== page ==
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Prasanna Date, Christopher D. Carothers, John E. Mitchell, James A. Hendler, Malik Magdon-Ismail

Today's deep learning models are primarily trained on CPUs and GPUs. Although these models tend to have low error, they consume high power and utilize large amount of memory owing to double precision floating point learning parameters. Beyond the Moore's law, a significant portion of deep learning tasks would run on edge computing systems, which will form an indispensable part of the entire computation fabric. Subsequently, training deep learning models for such systems will have to be tailored and adopted to generate models that have the following desirable characteristics: low error, low memory, and low power. We believe that deep neural networks (DNNs), where learning parameters are constrained to have a set of finite discrete values, running on neuromorphic computing systems would be instrumental for intelligent edge computing systems having these desirable characteristics. To this extent, we propose the Combinatorial Neural Network Training Algorithm (CoNNTrA), that leverages a coordinate gradient descent-based approach for training deep learning models with finite discrete learning parameters. Next, we elaborate on the theoretical underpinnings and evaluate the computational complexity of CoNNTrA. As a proof of concept, we use CoNNTrA to train deep learning models with ternary learning parameters on the MNIST, Iris and ImageNet data sets and compare their performance to the same models trained using Backpropagation. We use following performance metrics for the comparison: (i) Training error; (ii) Validation error; (iii) Memory usage; and (iv) Training time. Our results indicate that CoNNTrA models use 32x less memory and have errors at par with the Backpropagation models.

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Liam Dowling Jones, Malik Magdon-Ismail, Laura Mersini-Houghton, Steven Meshnick

We present a new mathematical model to explicitly capture the effects that the three restriction measures: the lockdown date and duration, social distancing and masks, and, schools and border closing, have in controlling the spread of COVID-19 infections $i(r, t)$. Before restrictions were introduced, the random spread of infections as described by the SEIR model grew exponentially. The addition of control measures introduces a mixing of order and disorder in the system's evolution which fall under a different mathematical class of models that can eventually lead to critical phenomena. A generic analytical solution is hard to obtain. We use machine learning to solve the new equations for $i(r,t)$, the infections $i$ in any region $r$ at time $t$ and derive predictions for the spread of infections over time as a function of the strength of the specific measure taken and their duration. The machine is trained in all of the COVID-19 published data for each region, county, state, and country in the world. It utilizes optimization to learn the best-fit values of the model's parameters from past data in each region in the world, and it updates the predicted infections curves for any future restrictions that may be added or relaxed anywhere. We hope this interdisciplinary effort, a new mathematical model that predicts the impact of each measure in slowing down infection spread combined with the solving power of machine learning, is a useful tool in the fight against the current pandemic and potentially future ones.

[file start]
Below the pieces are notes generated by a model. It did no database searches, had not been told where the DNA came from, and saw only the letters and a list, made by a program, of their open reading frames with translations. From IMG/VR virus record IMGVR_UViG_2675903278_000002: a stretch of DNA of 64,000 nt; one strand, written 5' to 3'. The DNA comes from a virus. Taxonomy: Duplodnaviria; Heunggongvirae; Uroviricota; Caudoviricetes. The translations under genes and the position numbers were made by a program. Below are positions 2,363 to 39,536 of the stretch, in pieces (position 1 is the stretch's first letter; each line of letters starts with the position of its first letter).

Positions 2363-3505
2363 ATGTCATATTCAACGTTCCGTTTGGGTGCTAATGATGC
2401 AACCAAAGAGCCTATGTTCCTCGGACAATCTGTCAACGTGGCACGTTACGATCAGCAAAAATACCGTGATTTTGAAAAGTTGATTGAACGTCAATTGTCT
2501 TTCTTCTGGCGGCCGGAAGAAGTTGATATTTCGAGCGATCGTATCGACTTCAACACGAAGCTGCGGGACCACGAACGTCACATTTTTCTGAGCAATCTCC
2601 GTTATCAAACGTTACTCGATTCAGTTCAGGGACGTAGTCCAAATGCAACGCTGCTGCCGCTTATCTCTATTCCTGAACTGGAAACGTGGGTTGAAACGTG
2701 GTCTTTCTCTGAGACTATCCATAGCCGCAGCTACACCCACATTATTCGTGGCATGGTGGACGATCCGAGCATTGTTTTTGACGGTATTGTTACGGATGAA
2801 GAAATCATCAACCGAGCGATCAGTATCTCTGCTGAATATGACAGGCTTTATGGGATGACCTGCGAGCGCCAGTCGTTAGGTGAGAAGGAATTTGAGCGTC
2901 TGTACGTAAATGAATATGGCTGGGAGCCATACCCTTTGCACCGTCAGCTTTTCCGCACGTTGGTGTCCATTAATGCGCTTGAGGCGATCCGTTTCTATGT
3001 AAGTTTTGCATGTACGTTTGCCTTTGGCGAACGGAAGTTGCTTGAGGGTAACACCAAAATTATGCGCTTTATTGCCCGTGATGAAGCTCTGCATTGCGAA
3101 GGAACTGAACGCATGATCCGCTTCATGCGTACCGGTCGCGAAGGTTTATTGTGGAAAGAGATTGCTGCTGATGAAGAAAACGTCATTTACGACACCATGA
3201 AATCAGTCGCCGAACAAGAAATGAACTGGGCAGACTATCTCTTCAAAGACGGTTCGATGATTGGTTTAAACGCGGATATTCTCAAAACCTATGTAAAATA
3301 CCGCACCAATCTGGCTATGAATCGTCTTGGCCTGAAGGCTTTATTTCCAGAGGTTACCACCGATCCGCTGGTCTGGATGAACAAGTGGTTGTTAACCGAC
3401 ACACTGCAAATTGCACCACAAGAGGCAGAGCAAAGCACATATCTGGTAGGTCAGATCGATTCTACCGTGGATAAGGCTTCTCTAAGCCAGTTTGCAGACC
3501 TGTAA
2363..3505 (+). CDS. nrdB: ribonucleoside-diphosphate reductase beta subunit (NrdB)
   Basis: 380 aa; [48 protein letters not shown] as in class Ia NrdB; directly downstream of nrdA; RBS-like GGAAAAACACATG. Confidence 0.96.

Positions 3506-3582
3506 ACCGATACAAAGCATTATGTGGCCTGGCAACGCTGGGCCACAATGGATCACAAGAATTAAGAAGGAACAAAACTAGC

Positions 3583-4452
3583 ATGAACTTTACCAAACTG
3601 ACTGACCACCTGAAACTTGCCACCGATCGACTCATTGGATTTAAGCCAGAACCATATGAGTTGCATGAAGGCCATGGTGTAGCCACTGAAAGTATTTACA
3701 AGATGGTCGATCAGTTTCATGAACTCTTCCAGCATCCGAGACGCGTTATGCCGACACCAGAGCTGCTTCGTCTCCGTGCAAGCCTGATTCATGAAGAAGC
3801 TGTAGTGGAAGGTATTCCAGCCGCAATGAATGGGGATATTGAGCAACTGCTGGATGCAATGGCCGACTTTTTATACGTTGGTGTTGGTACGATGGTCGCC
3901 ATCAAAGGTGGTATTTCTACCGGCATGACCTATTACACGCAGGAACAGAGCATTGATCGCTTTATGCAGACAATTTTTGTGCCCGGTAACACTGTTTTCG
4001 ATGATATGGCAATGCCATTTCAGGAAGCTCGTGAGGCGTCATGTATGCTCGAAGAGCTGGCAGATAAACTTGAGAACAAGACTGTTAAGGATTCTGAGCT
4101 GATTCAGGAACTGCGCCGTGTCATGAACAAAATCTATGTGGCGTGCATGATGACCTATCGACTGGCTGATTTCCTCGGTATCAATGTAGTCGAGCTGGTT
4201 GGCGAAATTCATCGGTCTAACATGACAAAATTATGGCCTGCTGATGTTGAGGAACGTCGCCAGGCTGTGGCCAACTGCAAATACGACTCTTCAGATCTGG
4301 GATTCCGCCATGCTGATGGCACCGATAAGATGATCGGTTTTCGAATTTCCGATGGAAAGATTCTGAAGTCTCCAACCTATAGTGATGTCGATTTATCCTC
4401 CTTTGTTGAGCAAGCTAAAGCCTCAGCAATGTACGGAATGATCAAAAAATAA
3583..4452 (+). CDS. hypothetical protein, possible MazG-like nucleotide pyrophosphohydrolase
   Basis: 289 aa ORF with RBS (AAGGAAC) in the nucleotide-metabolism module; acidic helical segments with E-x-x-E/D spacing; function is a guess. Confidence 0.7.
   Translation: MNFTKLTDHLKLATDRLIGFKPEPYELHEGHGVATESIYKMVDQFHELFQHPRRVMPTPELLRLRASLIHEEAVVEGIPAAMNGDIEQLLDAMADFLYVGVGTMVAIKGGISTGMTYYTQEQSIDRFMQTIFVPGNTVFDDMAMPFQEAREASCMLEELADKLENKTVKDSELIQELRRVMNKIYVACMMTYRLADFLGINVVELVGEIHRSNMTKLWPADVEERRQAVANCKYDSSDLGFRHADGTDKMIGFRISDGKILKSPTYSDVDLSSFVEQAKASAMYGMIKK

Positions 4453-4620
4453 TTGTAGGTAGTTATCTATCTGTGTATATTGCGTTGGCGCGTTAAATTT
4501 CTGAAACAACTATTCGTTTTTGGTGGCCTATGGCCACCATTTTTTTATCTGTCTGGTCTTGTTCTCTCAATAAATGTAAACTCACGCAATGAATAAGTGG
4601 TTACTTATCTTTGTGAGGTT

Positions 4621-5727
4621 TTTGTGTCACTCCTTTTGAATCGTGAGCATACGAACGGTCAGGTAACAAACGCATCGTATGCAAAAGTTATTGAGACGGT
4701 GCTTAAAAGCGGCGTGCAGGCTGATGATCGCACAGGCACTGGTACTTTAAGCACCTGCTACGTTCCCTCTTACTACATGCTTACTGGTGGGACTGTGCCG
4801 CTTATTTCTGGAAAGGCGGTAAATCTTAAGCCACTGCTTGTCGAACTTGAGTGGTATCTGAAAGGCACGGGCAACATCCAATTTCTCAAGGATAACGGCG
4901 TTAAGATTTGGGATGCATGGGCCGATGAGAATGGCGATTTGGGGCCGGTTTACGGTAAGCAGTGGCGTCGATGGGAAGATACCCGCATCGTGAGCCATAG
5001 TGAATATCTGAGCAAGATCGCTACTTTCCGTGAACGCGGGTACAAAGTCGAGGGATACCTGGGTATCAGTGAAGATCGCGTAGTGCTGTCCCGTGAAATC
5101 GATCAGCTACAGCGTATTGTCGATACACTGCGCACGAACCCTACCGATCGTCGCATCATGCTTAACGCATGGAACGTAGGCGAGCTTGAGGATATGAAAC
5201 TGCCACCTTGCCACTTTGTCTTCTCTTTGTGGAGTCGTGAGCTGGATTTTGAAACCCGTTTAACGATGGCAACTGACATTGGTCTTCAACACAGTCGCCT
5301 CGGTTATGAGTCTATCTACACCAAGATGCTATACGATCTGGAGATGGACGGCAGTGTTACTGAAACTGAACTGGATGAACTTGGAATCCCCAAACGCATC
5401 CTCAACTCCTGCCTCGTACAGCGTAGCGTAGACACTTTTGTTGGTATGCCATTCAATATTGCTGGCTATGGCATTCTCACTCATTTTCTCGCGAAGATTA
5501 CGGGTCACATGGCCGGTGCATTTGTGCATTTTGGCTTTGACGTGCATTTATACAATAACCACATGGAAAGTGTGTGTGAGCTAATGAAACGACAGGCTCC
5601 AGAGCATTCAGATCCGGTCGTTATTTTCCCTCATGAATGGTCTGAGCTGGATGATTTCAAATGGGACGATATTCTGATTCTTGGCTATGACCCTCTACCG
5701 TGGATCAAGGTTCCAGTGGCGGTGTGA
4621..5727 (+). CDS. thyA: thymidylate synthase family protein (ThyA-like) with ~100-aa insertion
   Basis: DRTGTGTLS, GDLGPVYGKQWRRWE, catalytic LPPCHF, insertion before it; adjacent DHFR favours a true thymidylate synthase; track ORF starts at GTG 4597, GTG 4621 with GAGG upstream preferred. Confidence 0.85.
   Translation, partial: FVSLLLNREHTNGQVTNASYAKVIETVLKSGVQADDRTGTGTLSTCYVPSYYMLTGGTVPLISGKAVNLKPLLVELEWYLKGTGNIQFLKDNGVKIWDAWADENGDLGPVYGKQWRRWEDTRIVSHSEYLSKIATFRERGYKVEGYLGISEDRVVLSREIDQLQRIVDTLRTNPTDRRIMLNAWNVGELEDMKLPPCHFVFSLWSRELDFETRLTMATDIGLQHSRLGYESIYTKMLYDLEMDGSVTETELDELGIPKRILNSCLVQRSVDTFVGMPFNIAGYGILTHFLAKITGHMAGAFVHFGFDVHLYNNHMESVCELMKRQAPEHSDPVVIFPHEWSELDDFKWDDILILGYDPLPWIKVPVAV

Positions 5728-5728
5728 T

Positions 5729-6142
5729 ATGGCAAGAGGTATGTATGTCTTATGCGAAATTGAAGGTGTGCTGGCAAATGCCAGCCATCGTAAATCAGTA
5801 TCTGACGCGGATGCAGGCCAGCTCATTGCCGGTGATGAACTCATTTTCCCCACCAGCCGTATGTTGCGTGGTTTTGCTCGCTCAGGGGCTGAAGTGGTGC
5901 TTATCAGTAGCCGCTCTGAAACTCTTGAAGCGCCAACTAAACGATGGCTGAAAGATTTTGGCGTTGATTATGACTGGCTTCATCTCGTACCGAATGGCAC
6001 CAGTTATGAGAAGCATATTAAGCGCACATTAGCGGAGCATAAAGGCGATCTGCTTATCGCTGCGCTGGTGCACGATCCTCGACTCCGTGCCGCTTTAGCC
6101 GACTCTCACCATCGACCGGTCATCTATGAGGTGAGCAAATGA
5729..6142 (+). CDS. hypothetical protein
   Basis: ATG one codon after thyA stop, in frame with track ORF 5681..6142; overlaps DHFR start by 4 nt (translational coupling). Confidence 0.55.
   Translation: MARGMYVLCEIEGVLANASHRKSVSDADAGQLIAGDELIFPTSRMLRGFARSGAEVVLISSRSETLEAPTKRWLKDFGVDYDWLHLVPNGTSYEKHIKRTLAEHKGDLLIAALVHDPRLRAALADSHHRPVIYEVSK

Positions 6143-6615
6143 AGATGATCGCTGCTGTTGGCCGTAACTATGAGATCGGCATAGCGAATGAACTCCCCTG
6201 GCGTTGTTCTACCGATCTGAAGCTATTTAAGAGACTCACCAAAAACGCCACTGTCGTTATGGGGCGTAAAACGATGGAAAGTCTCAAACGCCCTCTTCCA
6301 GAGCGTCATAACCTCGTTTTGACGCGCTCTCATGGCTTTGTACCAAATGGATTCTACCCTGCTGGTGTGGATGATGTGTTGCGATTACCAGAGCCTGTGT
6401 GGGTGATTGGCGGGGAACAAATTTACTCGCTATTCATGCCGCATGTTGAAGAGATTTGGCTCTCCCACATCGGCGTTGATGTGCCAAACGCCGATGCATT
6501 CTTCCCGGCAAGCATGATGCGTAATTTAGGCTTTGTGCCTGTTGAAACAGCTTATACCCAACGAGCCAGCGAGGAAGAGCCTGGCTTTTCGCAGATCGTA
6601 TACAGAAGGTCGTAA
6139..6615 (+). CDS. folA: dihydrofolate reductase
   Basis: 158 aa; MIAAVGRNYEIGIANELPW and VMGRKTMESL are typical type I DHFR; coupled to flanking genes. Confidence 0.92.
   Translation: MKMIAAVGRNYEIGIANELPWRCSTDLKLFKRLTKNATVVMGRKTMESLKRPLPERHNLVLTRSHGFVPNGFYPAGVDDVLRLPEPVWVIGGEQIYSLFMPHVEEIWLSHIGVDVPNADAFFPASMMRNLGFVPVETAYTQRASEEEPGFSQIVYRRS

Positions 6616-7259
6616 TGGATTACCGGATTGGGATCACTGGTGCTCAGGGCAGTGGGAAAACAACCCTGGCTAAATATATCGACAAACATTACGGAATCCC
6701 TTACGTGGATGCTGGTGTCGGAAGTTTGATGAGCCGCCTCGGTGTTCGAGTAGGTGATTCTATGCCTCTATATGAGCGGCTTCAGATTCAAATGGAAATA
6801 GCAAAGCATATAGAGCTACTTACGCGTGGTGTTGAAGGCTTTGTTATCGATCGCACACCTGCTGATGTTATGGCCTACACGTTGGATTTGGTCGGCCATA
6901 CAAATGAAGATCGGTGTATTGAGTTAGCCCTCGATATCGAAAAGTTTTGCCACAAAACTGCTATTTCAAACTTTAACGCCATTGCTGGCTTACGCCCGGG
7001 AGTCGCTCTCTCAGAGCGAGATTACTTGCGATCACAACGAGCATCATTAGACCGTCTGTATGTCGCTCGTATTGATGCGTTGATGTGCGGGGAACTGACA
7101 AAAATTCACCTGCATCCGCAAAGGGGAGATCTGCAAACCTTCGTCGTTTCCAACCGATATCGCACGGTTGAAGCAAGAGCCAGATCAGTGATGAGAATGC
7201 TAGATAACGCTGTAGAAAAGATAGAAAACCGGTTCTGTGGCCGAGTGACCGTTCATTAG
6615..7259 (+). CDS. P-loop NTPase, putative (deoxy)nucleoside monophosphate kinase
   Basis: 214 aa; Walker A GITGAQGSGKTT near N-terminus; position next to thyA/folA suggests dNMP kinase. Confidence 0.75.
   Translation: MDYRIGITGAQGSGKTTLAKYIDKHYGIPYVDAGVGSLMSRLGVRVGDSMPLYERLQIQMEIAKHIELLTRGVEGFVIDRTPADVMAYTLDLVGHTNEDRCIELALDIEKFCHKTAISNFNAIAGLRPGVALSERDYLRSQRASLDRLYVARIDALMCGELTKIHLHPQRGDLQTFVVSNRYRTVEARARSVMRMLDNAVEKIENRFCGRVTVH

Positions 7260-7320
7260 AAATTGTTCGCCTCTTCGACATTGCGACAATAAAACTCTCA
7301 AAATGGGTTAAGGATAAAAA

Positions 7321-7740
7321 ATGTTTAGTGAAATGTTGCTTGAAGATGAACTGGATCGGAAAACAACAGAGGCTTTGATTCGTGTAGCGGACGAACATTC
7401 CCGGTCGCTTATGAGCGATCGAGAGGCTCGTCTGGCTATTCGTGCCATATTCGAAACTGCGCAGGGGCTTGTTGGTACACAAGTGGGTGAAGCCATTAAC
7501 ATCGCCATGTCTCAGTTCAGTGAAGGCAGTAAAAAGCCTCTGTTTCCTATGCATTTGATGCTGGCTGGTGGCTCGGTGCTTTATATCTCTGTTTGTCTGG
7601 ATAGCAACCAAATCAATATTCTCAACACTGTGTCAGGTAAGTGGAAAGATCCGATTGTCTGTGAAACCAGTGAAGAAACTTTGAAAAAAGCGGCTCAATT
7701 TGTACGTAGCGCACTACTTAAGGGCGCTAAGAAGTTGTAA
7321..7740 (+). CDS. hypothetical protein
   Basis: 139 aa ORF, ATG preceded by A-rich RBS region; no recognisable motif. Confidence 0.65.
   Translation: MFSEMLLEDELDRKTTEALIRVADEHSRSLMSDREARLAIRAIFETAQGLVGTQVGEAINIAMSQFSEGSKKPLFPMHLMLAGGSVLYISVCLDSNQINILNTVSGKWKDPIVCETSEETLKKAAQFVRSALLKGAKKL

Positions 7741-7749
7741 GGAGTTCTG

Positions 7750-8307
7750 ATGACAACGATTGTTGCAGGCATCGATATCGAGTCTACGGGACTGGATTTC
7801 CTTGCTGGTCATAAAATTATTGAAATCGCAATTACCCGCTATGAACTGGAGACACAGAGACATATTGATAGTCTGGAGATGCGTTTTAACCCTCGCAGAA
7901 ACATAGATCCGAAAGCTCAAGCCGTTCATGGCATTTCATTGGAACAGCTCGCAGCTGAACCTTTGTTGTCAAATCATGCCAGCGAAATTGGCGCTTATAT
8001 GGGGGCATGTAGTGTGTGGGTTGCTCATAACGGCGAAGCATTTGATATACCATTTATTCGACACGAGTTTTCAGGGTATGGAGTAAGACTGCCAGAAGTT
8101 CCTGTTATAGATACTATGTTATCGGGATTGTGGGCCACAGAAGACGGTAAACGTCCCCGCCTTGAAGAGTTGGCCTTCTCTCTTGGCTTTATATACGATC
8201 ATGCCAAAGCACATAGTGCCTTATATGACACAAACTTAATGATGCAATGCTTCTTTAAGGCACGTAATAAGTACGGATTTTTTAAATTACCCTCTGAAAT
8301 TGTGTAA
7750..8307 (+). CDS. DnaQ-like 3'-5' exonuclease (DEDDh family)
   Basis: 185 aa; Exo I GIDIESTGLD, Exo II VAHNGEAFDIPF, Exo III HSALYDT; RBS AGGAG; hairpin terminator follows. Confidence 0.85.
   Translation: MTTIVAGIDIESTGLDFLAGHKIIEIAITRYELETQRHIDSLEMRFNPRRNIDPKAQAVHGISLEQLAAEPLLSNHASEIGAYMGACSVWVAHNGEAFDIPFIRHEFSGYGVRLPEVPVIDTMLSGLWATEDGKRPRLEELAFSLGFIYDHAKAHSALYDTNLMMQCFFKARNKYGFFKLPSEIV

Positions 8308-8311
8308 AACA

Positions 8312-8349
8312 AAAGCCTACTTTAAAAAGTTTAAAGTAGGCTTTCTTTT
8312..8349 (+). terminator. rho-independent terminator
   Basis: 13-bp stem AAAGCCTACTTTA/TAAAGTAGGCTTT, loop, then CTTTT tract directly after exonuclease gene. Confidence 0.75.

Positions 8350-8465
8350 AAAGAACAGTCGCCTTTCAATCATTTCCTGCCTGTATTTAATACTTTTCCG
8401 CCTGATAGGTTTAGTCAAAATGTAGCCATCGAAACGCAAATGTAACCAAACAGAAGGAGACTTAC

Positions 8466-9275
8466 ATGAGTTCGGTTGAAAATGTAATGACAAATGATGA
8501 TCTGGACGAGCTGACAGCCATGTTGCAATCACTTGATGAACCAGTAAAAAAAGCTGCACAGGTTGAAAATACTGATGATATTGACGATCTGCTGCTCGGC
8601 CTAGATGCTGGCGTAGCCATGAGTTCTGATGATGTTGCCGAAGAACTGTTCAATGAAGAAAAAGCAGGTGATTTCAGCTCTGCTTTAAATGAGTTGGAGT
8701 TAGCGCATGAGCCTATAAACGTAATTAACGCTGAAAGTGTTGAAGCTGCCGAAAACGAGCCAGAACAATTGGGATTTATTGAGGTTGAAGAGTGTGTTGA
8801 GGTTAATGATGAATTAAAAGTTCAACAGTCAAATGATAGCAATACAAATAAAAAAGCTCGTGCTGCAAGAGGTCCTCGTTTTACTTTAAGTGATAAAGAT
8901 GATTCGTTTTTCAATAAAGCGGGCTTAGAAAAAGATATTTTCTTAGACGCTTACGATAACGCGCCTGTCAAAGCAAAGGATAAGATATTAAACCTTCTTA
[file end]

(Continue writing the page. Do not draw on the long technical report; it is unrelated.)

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Malik Magdon-Ismail

We present a robust data-driven machine learning analysis of the COVID-19 pandemic from its early infection dynamics, specifically infection counts over time. The goal is to extract actionable public health insights. These insights include the infectious force, the rate of a mild infection becoming serious, estimates for asymtomatic infections and predictions of new infections over time. We focus on USA data starting from the first confirmed infection on January 20 2020. Our methods reveal significant asymptomatic (hidden) infection, a lag of about 10 days, and we quantitatively confirm that the infectious force is strong with about a 0.14% transition from mild to serious infection. Our methods are efficient, robust and general, being agnostic to the specific virus and applicable to different populations or cohorts.